Content Writing
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Web Content Writing
Your site may function and look beautiful, but it may suffer from poor writing or ineffective layout.

Writing content for the web requires focus on both good writing and effective layout. Both play important roles in keeping viewers on your website, not to mention quickly and easily conveying your message.

Good Writing

All writing, including writing for the web, should:
  • use good grammar
  • use correct spelling
  • use appropriate word choice
  • be tight
  • convey a message which targets the right audience.

Effective Layout

Effective Layout takes into consideration:
  1. how a user reads text (via scannable text)
  2. how a user finds information (via logical groupings)

1)  Scannable Text
Readers typically scan a page before deciding whether to stay or move on to another web site. Therefore, the writing should be structured around readers' tendency to scan. Scannable text includes:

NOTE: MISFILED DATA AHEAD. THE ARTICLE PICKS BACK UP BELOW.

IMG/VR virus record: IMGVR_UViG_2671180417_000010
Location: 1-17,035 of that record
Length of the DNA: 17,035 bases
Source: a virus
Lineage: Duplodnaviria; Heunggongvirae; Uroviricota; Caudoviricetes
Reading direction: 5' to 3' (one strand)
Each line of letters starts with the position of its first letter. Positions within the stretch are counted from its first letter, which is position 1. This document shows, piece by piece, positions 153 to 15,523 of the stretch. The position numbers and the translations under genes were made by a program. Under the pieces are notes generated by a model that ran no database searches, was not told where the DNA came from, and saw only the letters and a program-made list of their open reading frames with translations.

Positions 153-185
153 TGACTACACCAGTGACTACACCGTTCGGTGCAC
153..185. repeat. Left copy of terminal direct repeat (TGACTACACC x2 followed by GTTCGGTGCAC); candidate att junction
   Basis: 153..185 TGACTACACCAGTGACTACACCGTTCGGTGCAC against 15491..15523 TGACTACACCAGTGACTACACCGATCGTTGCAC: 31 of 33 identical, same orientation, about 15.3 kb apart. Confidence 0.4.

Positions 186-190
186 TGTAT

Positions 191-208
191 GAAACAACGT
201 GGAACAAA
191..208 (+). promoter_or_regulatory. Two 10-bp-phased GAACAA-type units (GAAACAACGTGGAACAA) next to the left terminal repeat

• information packed headings and subheadings
  • bulleted lists
  • less verbiage
  • highlighting keywords through formatting (bold, italics, color, size)
  • shorter paragraphs

2)  Logical Groupings

While you may have 20 facts to convey on a page, your reader will be scanning (see above). So grouping those facts into proper headings is important, especially for the reader's ability to quickly find what he/she is looking for.

There are many ways to logically group items. Groupings can overlap and interconnect by using links. Therefore, while Logical Groupings are crucial throughout a site, they should remain flexible, allowing links to bypass whole sections of a web site without confusing the viewer.

Ultimately, the best way to achieve effective layout is through a combination of scannable text and logical groupings, as shown in the example below.

Combining Scannable Text and Logical Groupings

Suppose you wanted to find out about my magazine credits. You quickly scan the headings in my navigation bar, without even seeing the items listed beneath each. Based on that scan, you'd see the following:

  • About me
  • Publications
  • Web Site Consulting
  • Writers

In this case, the information is grouped logically, which allows you to start with the headings and work your way down. Based on the four choices above, you'd focus on "publications," a logical place to find magazine credits. And you would be right.


If you have any questions about Content Writing for the web, or would like to discuss any of my web consulting services in greater detail, please email me.

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